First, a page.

Looking at the opportunities available via the aftermarket
One of the most critical aspects of reliable vehicle operation is a properly functioning cooling system. Yet, in today’s vehicles, there is more propensity than ever for parts to fail. Regular heat/cooling cycles of the engine and transmission, combined with the extreme temperatures much of Canada experiences can, along with salt and brine on winter roads wreak havoc on engine and transmission components. Additionally, as Andrew Connor, Director, Canadian Market Sales at Dorman Products, explains, with OEMs being pushed toward higher fuel economy targets, smaller displacement, higher output engines and cramped under-hood compartments, place additional strain on cooling system operation, increasing the risk of component failure.
More plastic components
There are also other considerations, such as saving cost, weight and manufacturing/servicing efficiency. As a result, we’ve seen more and more OEMs adopt items such as plastic flanges and quick-connect fittings for cooling systems, as well as thermostats with plastic housings. According to David Hirschhorn, REIN Brand Director, CRP Automotive, the trouble with these plastic components, is that repeated heat cycling/cooling, causes them to become brittle and crack and the O-ring seals on them tend to fail at earlier intervals than heavier-duty metal and traditional fittings seen on older vehicles. Additionally, the march toward efficiency has also resulted in more electronic control of cooling system operation, such as electrically driven water pumps and electronically controlled thermostats. “As with most technological advancements, these improvements in efficiency and performance increase the chance of a failure or need for a higher level of service,” Hirschhorn explains.
Another aspect to consider in modern vehicles is the use of incorrect coolant. As Jay Buckley, Director of Product Development, North American Aftermarket for Dayco notes—using the wrong antifreeze can also result in part failures. “For example,” he says, “if you put traditional silicate coolant in a modern vehicle that requires an OAT or HOAT type coolant, the silicates will eat the water pump seals quickly. This has really become an issue with many cars that have an electric water pump, used either as a supplementary pump or as the main cooling pump.”
Buckley says he’s also seen water pump failures in some vehicles that use a plastic impeller mounted on a steel shaft.
While these issues are frustrating and potentially costly for motorists, they also represent an opportunity for the automotive aftermarket, particularly in today’s economic environment where replacement vehicles, whether new or used, are expensive to purchase and many consumers are looking to keep their existing car/truck for longer.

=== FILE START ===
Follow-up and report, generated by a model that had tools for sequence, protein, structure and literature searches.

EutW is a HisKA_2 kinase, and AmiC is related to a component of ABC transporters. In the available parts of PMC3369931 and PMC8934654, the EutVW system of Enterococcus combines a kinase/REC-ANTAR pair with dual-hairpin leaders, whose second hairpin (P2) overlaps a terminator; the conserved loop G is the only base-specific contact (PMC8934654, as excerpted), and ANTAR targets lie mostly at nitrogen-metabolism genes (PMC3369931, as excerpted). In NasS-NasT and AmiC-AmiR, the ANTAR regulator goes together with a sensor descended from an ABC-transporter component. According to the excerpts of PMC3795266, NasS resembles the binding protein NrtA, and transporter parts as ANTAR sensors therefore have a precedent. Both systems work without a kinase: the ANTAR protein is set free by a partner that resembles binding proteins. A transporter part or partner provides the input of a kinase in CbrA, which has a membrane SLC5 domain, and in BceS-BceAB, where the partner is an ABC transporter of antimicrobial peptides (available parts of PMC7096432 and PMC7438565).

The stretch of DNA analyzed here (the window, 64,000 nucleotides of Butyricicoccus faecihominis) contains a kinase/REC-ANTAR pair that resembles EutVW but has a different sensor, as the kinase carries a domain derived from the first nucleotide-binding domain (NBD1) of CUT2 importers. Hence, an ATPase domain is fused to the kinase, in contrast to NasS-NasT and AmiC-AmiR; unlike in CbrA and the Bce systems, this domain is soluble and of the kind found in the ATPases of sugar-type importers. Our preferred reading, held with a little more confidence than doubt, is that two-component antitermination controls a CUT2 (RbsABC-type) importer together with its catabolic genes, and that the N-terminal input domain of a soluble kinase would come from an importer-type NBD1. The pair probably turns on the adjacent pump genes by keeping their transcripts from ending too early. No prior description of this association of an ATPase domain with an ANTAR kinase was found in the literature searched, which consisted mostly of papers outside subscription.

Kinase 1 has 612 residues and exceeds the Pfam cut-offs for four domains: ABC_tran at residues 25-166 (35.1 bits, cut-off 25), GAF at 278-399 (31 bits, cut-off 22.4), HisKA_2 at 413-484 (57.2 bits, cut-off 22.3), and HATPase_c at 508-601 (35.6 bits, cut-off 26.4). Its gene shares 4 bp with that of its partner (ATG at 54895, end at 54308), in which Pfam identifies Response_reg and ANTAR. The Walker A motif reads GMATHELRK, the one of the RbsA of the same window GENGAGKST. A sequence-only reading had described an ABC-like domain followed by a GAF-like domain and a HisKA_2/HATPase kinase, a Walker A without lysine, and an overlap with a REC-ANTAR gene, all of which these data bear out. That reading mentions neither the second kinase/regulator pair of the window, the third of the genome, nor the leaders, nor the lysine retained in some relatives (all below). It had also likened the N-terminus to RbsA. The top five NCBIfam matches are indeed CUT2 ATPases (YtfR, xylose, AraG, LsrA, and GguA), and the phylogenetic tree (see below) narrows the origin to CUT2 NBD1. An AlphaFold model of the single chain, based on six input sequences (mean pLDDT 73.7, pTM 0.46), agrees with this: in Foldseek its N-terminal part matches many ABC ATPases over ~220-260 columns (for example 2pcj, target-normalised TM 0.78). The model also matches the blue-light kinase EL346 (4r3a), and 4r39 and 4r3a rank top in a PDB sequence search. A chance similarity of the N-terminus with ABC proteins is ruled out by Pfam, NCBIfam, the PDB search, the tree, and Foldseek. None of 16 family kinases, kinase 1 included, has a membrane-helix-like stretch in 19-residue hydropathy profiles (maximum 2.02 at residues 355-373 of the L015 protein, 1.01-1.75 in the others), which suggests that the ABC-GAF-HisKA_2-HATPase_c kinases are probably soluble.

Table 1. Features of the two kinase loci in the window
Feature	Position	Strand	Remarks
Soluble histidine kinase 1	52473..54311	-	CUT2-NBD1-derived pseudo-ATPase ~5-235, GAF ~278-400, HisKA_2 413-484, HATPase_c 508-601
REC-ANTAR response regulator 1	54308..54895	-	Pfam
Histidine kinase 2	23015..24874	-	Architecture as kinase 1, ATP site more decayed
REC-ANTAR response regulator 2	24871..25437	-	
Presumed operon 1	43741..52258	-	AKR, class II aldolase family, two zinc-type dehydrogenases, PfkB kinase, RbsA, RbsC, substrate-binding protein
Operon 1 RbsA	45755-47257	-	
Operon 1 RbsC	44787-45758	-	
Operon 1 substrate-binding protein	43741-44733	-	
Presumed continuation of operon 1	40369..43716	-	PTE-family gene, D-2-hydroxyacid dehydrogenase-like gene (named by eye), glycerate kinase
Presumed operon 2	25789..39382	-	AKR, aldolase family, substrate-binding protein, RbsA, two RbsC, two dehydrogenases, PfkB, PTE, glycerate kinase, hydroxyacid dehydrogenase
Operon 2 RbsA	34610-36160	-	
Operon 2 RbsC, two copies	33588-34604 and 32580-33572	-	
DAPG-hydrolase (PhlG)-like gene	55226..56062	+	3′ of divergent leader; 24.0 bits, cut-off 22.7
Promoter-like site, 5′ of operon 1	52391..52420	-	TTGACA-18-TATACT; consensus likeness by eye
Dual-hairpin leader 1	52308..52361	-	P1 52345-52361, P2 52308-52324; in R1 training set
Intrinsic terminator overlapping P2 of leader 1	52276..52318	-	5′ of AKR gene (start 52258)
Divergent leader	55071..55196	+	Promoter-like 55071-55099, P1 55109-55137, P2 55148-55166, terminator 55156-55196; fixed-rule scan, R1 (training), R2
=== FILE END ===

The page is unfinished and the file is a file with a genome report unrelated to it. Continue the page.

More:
Aftermarket manufacturers often have an advantage in that they can design heavier-duty replacement parts that are not subject to the same cost and regulatory rules as OE-supplied components. At Dayco, Jay Buckley points to water pumps designed with stainless steel impellers to improve both longevity and reliability. Others include using Ethylene Propylene Diene Monomer (EPDM) in rubber hoses for added durability, as well as increasing the number of serpentine belt kits available. “We know replacing the whole system helps ensure that the drive system for the water pump operates at the correct engine speed it was designed for,” Buckley says. Additionally, by offering a complete kit, the technician can ensure that the entire water pump system can be repaired back to factory specs, eliminating any potential weak links.
At Dorman Products, Derek Suen, Manager, New Product Development Team, notes that the ability to research where failures are happening and come up with solutions can make a big difference. A good example is the plastic coolant reservoirs found under the hood of most vehicles today. “Typically, over time, these crack at the seams due to thermal cycling,” he explains. Dorman has used this as an opportunity to re-engineer the factory product, using a material called styrene-isoprene-styrene (SIS)—a thermoplastic elastomer that adds flexibility, enabling the reservoir to expand and contract to reduce the risk of it cracking at seams and causing fluid leakage.
Ultimately, reliable cooling system operation comes down to service providers offering their customers a sound preventative maintenance strategy by educating their customers on how the system operates, how failures can occur and which parts to replace and when to replace them.
By taking these steps,” explains REIN’s David Hirschhorn, “the service provider can help the vehicle owner develop a level of understanding with regard to the system, the importance of maintenance, and the costs of properly fixing it, as well as helping them budget for repairs”—an important consideration in today’s economic environment.